Come To The Dark Side
So far I have looked at what makes a good user experience. I’ve looked at the ten usability heuristics and the psychological principles of influence and how these two relate to one another. Madlug showed us that these designs can be used for perceived ‘good’ and MVMT highlighted how these same designs can be expanded on to apply more influence on the user.
But what about the other side of design? What about when designers go too far or don’t know when the levels of influence they are applying are roaming into the territory of manipulation? When this happens we are straying into the world of dark patterns.
darkpatterns.org describes these patterns as; “tricks used in websites and apps that make you buy or sign up for things that you didn’t mean to.” These patterns are generally considered bad usability and should be avoided at all cost. But as there is little in the way of information surrounding dark patterns, it can be easy for businesses to fall into the trap of using them without realising. You can easily spot these patterns as they are usually very frustrating to the user.
There are currently 11 different types of dark pattern:
- Bait and switch.
- Disguised ads.
- Forced continuity.
- Friend spam.
- Hidden costs.
- Price comparison prevention.
- Privacy Zuckering.
- Roach motel.
- Sneak into basket.
- Trick questions.
A full explanation of each of these can be found on darkpatterns.org. In this section, I will investigate the more common dark patterns.
One of the most common patterns is the ‘roach motel’ pattern, which makes it easy for you to get into a situation but difficult to get out of it. If you have ever signed up for a service online and then tried to cancel your subscription only to find that you have to phone the company to do so, you have fallen victim of the roach motel. This practice is becoming ever more common as sites are asking you to sign up via Facebook, then whenever you go to cancel your account, you are asked for your password. When you never created one in the first place.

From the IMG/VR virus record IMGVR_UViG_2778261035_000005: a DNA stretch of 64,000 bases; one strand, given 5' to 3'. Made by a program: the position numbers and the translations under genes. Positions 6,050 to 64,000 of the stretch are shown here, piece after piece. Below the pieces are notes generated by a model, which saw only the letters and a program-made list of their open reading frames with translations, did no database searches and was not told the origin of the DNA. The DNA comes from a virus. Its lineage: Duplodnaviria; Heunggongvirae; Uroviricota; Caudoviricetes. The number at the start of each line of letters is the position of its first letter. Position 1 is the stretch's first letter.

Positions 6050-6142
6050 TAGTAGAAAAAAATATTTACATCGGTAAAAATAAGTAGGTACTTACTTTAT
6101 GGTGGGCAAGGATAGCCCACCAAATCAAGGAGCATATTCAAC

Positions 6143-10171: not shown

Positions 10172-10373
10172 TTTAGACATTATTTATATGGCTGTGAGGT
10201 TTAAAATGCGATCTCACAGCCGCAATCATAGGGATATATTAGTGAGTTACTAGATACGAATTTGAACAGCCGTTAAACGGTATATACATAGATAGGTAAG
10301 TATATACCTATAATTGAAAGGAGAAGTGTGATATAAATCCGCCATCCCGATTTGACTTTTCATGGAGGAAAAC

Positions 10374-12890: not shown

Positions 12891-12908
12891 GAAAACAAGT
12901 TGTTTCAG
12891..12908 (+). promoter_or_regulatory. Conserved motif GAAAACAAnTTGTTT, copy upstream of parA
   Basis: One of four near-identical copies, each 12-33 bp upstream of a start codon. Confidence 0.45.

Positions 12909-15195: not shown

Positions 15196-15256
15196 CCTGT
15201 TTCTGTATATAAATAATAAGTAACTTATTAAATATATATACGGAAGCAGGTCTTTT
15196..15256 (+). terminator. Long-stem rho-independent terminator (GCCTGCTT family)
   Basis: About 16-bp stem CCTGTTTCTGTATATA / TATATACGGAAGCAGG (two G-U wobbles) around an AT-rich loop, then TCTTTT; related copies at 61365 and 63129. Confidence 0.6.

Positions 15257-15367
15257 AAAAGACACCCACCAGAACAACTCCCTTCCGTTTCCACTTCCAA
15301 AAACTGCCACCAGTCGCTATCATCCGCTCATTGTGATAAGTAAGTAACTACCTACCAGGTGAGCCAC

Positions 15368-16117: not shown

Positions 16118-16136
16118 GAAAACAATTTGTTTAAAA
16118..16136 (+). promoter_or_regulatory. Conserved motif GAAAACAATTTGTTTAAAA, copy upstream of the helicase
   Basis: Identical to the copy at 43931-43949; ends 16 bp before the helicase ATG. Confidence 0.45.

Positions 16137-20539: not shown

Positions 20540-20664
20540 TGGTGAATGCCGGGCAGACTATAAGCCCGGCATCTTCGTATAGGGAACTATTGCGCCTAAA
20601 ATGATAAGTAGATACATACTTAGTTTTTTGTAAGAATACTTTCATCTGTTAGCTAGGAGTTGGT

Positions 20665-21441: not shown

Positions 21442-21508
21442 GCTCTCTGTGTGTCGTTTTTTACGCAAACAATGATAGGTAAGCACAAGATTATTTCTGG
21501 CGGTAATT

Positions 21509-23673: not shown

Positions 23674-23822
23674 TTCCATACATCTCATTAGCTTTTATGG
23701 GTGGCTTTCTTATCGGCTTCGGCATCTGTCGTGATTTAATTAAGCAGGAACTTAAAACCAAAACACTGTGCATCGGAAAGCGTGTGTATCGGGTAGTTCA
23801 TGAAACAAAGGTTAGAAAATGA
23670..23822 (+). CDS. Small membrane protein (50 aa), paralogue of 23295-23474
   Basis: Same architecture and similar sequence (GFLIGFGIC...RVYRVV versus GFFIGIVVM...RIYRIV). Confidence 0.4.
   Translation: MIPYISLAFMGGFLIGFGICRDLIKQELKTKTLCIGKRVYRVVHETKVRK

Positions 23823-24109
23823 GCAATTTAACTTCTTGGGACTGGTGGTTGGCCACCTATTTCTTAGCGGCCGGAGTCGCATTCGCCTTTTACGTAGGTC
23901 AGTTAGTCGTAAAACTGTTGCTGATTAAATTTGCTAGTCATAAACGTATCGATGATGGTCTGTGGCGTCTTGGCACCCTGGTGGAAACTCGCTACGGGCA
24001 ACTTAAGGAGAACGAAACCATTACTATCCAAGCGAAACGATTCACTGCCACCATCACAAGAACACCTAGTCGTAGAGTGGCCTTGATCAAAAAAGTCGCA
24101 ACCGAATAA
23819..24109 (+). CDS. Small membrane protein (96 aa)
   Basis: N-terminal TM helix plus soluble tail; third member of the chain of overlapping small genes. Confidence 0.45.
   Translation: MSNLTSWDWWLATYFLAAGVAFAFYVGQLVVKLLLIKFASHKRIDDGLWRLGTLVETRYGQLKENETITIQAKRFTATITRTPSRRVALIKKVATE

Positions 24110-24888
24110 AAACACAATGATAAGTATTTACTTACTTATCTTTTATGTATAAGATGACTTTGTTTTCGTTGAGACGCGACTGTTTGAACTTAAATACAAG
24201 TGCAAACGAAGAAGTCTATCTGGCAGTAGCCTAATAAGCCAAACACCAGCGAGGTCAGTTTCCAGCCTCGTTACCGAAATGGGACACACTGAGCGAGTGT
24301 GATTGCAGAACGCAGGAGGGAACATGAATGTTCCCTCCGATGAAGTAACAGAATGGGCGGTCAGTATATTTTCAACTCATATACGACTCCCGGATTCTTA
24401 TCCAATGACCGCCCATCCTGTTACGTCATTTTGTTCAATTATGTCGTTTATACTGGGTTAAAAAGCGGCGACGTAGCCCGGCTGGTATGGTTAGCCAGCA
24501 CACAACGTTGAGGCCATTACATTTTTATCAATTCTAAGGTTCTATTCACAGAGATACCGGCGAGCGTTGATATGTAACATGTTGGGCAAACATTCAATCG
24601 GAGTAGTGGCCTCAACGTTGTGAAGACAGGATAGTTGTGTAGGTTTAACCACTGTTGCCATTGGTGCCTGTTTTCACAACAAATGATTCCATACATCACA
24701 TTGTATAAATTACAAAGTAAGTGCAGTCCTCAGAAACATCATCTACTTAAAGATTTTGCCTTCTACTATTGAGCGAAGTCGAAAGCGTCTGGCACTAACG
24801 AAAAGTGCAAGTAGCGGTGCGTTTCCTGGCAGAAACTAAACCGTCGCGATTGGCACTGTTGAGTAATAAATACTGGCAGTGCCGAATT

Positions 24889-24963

Forced continuity is another very common pattern on the web. darkpatterns.org describes it as; “When your free trial with a service comes to an end and your credit card silently starts getting charged without any warning.” Often businesses will use this model and the roach motel model together to make it almost impossible to cancel your membership or subscription. Citizens Advice estimates that around two million consumers every year have problems canceling subscriptions and over 40% of British people are paying for a subscription that they do not use.
I myself fell victim to Forced Continuity in my first year of university. I signed up for a two-week free trial of Treehouse (teamtreehouse.com), a service to help you learn to code, I assumed I would be charged the day after the last day of my free trial. However not only did they charge me on the last day of my trial but they did not send me an email or notify me that they were about to do so. I was charged $200 for a year subscription. Luckily I emailed them immediately and explained my situation and they gave me a refund. Though I did have a good few hours of panic before they responded to me.
These two examples are quite extreme but dark patterns aren’t always as obvious to spot. Trick questions are often used to get users to sign up for newsletters or to opt-in to receiving marketing material. Most of the time without the user even being aware that it has happened until they start receiving more and more emails. Misdirection, making a button take a user somewhere they aren’t expecting to go, often ends with the user thinking that they have clicked on the wrong thing and blaming themselves for the blunder.